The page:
The exact same point applies to pretty much every example of objectification out there – no one is forcing people to be models. No one is forcing women to take jobs that blatantly present them as sexual objects, and no one is forcing men to portray ridiculous physical standards as the norm.
The awful truth is that no matter how horrifically stereotypical, sexist or flat out demeaning the portrayal, someone agreed to be portrayed like that (or took the cash and didn’t ask any questions, which is essentially the same thing – another topic for another post). Sure this doesn’t mean it’s not wrong to make these portrayals, but when another major tenant of feminist is that women (and men, though it rarely needs saying) be given the freedom to make their own decisions, how then can we complain when they choose to use their bodies to make a dollar?
Freedom brings with it the responsibility to make good quality choices, but we’re talking about a large scale cultural phenomenon here. Is it reasonable to ask a specific actress not to participate in a specific sexual (but not hateful) ad campaign because it might contribute to a massive sociological trend? And indeed, even if that ad does contribute to that trend, whose fault is that? The person making the ad or the audience that perceives it that way?
Booty is in the eye of the beholder (sorry, couldn’t resist)
So where does this all leave us? Objectification sets nasty norms that have been proven to lead to social problems, but at the same time it’s something that everyone participates in whether they like it or not. It does in fact compose a significant part of a healthy sexuality.
Are we ‘sex positive’ or ‘pro-respect’ feminists? How can we reconcile this massive contradiction in core feminist theory?
Well happily the answer is pretty straight forward; it all comes down to how we see things.
Objectification is a core part of our sexuality, and even if we agreed that was a bad thing, there is literally no chance of it ever going away. Boobs, ass and abs are awesome and will forever be awesome.
But all the negative effects of our focus on these bits, at the exclusion of the rest of us, can be eliminated by focussing not just on what we see, but on how we understand what we see.
Sure sexual objectification in media, websites and advertising may well set a poor standard for how we treat each other, but that doesn’t mean we need to accept that standard – indeed given the unprecedented level of sex available for our viewing pleasure these days, the gradually improving attitudes towards gender equality in most countries prove this is pretty much the rule rather than the exception.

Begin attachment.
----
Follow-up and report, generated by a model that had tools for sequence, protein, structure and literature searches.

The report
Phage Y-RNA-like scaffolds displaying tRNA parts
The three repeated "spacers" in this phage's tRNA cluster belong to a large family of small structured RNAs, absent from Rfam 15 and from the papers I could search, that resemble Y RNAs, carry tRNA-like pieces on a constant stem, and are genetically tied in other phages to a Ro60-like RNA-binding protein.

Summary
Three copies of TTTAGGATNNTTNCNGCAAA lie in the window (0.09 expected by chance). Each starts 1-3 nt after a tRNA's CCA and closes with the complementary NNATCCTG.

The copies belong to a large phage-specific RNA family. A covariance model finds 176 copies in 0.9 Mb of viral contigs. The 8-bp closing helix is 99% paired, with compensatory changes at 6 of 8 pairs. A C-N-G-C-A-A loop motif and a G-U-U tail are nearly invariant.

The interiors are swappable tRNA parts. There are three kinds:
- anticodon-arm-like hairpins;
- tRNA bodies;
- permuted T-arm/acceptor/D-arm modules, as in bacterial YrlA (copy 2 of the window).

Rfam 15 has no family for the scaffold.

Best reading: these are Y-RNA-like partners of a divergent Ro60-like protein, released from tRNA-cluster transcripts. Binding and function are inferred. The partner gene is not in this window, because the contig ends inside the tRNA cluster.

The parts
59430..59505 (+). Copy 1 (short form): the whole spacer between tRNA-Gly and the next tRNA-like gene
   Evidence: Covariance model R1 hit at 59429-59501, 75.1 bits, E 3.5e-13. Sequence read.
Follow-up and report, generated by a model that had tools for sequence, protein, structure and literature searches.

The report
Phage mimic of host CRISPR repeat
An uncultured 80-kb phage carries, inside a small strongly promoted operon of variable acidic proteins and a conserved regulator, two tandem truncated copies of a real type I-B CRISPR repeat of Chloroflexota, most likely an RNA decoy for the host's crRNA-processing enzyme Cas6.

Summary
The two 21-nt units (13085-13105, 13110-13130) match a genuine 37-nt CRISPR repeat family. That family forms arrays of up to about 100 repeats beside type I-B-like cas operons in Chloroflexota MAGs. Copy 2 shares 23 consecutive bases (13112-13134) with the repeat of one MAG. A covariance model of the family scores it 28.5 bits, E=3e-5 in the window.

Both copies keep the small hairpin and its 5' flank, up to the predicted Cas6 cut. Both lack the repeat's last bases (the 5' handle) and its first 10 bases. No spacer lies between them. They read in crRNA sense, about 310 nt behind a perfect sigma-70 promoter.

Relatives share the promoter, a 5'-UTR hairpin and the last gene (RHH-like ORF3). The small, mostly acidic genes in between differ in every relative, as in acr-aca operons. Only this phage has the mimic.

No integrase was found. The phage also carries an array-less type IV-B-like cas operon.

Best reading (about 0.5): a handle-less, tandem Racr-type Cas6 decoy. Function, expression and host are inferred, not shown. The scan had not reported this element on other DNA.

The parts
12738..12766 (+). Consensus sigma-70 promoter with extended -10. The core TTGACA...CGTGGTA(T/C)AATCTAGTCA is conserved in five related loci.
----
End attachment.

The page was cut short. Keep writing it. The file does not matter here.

In much the same way that I can read a racist website and be in no way influenced to agree with it, so too can we all enjoy sexualised images and not walk away seeing other people as objects for our sexual gratification. And happily the methods for achieving this are also the same methods that help us fight racism, bigotry and other forms of idiocy: education, critical thinking, being well informed and open to changing our ideas.
Fight the powers that be
That’s all very well for us, but probably not that helpful since if you’re reading this, odds are you’re not a sexist pig in the first place. And there will always be plenty of people out there who will jump on the first excuse to be an arsehole, so us being great individuals is not going to be enough.
Well happily there’s something we can do about the broader culture as well: stop buying into bullshit.
Is a company advertising their product with a floating pair of disembodied tits? Don’t buy that product and mock those that do.
Someone purchasing Ax or Lynx body spray because ‘the chicks in the ad are hot as’? Laugh at this person.
Is the porn site you’re on frequently describing the men or women in their videos as sluts, bitches, whores, animals or fags? Find a better site (there is no shortage).
These may seem like tiny pointless statements, but this is how cultures are changed – one interpersonal interaction at a time. You can scream your opinion from the rooftops all you want, but nothing influences a person like the opinions of their peers.
And then we can all enjoy dat ass, confident in the knowledge that the owner of said ass enjoys it as much as we do.